71YSYrG8pbL._AC_UY218_ML3_    Probably the most useful of books is Christopher Redmond’s Sherlock Holmes Handbook: its very name implies utility. There are brief summaries of all the novels and stories, with links and connections between them, and some analysis, all very helpful reference if, like me, no matter how often you’ve read the stories, small details elude you. There’s an extremely helpful collation of all the ‘biographical’ details about Holmes and Watson which are dotted throughout the canon. There’s also a biography of Conan Doyle if you need one, and a useful chapter on the publishing history.

Most useful are the excellent sections on Victorian context and background, again collating all sorts of useful stuff from throughout the canon, as well as material on crime and punishment and the legal system in England in the nineteenth century. Likewise, the analysis of the history of the detective story genre, its conventions and structure are very good. It’s an American production, so there is the occasional solecism about a detail of life in England, but I’ll excuse those. One thing I took away from re-reading this book was the possibly even greater popularity of the stories in the USA, given the nature of the links and connections between the two nations when the stories were first published.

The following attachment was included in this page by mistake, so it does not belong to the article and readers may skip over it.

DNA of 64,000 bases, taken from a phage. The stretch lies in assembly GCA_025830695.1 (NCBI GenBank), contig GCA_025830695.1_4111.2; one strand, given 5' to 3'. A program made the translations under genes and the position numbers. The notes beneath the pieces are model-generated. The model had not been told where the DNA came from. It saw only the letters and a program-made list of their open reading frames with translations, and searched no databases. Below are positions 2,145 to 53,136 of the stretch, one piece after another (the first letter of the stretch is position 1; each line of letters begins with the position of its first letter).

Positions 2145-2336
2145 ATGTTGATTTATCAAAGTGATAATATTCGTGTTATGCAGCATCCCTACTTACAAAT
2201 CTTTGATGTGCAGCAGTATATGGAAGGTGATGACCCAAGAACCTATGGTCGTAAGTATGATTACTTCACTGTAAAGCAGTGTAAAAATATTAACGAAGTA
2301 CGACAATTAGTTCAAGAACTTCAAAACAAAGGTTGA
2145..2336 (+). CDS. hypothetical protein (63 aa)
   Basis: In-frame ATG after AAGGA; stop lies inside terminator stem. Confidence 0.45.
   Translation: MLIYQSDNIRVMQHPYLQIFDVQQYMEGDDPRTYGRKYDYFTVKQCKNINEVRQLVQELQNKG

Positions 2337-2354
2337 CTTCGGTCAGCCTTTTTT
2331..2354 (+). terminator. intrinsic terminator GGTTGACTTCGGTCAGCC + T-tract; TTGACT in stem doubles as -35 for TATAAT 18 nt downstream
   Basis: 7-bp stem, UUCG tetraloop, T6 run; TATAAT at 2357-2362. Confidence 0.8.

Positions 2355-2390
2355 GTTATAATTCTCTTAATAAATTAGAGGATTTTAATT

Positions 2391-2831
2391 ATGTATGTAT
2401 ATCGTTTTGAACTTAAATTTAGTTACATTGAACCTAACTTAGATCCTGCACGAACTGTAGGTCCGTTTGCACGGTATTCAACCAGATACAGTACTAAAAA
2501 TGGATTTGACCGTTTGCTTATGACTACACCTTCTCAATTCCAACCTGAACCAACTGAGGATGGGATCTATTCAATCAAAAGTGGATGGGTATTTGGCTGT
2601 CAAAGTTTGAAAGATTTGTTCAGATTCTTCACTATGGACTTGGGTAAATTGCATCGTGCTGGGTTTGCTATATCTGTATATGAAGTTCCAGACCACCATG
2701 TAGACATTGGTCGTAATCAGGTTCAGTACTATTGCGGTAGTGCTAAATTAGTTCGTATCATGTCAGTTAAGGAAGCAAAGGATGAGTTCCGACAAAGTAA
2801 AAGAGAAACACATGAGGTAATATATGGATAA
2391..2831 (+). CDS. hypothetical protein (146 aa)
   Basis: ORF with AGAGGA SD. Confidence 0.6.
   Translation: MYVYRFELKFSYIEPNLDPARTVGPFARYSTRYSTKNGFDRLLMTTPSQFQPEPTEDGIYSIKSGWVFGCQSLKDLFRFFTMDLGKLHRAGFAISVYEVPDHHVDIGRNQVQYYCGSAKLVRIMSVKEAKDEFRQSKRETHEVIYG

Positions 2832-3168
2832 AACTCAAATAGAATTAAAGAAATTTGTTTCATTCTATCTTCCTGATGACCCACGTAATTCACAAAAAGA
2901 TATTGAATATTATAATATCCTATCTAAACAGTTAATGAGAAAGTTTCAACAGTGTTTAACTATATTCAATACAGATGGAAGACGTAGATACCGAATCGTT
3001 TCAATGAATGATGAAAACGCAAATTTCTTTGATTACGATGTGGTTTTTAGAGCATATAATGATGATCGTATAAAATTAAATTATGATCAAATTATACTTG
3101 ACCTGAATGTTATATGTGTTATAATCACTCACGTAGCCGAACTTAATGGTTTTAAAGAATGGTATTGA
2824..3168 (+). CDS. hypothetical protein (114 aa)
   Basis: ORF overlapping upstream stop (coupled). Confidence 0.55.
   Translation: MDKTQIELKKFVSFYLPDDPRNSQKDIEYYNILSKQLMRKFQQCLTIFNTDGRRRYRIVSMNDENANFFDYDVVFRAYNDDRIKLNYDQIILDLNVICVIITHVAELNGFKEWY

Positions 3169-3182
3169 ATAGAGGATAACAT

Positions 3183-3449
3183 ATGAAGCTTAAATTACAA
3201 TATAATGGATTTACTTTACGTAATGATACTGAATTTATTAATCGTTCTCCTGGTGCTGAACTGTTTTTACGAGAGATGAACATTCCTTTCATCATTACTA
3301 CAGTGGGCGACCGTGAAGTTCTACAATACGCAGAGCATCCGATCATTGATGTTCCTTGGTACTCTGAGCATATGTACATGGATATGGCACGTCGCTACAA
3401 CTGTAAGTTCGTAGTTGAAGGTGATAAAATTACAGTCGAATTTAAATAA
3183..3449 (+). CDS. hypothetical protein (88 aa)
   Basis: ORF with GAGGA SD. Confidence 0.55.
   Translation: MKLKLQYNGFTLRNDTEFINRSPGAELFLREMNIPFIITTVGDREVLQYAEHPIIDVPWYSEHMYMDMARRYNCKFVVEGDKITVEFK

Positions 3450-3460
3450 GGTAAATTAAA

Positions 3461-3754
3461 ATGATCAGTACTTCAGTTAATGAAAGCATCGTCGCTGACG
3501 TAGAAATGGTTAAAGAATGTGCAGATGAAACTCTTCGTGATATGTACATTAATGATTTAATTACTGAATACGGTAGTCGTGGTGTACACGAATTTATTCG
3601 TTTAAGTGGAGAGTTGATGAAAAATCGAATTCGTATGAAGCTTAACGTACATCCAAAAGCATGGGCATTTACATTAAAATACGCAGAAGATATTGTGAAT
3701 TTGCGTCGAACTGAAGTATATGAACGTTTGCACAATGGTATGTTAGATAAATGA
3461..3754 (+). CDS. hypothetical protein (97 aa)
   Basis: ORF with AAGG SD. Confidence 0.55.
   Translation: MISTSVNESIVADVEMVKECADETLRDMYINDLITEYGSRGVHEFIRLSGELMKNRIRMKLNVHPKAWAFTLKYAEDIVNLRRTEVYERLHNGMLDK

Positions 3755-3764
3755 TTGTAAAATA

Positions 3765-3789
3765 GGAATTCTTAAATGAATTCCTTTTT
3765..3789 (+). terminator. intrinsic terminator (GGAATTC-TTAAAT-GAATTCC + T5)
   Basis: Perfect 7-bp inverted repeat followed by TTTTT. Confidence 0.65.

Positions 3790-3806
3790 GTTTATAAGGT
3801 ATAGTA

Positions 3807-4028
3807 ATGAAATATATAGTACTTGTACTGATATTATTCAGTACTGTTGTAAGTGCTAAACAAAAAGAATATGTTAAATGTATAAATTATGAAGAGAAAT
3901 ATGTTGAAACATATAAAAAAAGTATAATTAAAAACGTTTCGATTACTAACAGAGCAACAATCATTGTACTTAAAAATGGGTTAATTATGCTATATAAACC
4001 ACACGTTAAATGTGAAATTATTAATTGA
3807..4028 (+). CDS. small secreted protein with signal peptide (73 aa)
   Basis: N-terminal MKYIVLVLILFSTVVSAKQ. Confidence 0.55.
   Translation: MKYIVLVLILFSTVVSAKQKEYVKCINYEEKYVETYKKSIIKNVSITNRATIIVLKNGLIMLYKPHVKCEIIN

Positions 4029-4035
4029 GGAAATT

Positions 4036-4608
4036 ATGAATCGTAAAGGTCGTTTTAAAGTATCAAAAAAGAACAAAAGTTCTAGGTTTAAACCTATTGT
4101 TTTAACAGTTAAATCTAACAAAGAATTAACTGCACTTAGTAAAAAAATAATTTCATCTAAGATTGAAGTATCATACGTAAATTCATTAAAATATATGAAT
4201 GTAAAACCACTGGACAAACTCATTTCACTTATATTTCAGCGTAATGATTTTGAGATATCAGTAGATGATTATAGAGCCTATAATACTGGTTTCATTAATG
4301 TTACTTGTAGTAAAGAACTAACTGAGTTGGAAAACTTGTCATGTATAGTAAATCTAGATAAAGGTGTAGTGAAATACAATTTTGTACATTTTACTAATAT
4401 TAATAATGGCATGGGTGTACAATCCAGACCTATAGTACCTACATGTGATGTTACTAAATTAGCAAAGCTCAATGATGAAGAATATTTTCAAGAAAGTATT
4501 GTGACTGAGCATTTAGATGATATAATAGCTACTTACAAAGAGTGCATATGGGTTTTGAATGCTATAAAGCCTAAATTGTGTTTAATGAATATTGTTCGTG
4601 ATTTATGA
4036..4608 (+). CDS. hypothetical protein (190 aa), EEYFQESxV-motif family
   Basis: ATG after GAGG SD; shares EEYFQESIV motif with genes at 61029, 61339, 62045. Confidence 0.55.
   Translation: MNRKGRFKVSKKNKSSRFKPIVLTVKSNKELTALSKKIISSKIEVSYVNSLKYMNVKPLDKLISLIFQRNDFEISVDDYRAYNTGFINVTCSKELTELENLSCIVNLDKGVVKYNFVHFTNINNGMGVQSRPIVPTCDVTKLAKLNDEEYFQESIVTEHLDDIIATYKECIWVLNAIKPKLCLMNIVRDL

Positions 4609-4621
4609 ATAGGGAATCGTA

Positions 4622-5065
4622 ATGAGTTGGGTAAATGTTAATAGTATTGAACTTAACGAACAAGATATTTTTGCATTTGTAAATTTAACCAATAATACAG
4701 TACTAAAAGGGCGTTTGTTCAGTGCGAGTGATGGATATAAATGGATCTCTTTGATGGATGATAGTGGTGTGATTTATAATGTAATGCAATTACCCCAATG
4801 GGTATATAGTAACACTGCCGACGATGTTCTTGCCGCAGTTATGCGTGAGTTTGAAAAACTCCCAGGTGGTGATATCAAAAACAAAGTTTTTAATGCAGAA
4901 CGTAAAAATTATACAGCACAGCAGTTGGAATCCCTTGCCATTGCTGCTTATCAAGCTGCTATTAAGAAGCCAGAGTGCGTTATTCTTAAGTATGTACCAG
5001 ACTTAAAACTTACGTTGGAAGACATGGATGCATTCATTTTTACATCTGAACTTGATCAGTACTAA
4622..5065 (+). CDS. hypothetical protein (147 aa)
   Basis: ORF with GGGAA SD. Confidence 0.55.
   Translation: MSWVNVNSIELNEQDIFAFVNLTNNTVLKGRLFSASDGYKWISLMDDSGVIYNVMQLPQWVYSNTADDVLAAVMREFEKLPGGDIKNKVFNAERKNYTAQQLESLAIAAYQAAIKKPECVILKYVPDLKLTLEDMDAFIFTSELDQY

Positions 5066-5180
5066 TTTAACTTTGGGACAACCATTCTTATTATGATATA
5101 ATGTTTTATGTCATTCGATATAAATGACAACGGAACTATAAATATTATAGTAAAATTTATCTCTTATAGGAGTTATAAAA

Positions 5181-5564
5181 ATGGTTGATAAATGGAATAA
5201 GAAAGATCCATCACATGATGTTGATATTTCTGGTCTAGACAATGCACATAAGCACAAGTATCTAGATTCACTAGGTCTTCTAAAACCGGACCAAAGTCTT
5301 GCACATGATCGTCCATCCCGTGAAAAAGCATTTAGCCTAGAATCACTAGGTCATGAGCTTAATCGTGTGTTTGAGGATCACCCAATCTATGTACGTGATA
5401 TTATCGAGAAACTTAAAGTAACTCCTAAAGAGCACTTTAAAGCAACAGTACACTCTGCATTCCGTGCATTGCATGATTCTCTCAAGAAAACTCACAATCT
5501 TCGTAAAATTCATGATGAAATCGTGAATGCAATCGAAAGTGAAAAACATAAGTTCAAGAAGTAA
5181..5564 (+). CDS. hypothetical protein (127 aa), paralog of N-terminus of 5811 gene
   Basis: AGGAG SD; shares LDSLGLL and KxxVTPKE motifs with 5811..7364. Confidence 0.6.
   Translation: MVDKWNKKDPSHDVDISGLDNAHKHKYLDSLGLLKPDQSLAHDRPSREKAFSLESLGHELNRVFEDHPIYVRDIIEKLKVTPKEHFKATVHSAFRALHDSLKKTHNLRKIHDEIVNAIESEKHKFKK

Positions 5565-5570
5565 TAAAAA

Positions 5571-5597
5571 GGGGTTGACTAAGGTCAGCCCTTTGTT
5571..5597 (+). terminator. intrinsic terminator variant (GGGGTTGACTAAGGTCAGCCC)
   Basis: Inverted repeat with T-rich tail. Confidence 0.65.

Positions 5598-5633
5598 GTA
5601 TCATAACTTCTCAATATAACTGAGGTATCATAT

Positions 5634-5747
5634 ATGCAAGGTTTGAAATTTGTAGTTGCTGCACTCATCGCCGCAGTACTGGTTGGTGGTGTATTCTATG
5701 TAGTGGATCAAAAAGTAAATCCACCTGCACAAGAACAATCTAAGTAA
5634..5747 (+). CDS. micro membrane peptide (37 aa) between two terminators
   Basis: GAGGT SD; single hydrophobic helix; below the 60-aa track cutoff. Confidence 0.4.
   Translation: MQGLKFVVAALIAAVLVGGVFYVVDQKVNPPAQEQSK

Somewhere I acquired a copy of Michael Hardwick’s The Complete Guide to Sherlock Holmes. It’s a curious book: he provides a ‘summary’ of all the stories, with often very lengthy extracts, interspersed with commentary and biographical details about Conan Doyle. He is deliberately careful not to give away story endings… this struck me as weird, given that presumably only an enthusiast would want this book, and they would have read the stories anyway… The biographical information about Conn Doyle was interesting, but it’s not an essential book by any means.

A Sherlock Holmes Compendium, edited by Peter Haining, is another curiosity, definitely not essential to my library. The most interesting thing in it is an often referred-to essay by Ronald Knox on the stories, where he light-heartedly analyses and mocks all sorts of discrepancies between the stories and theories about them.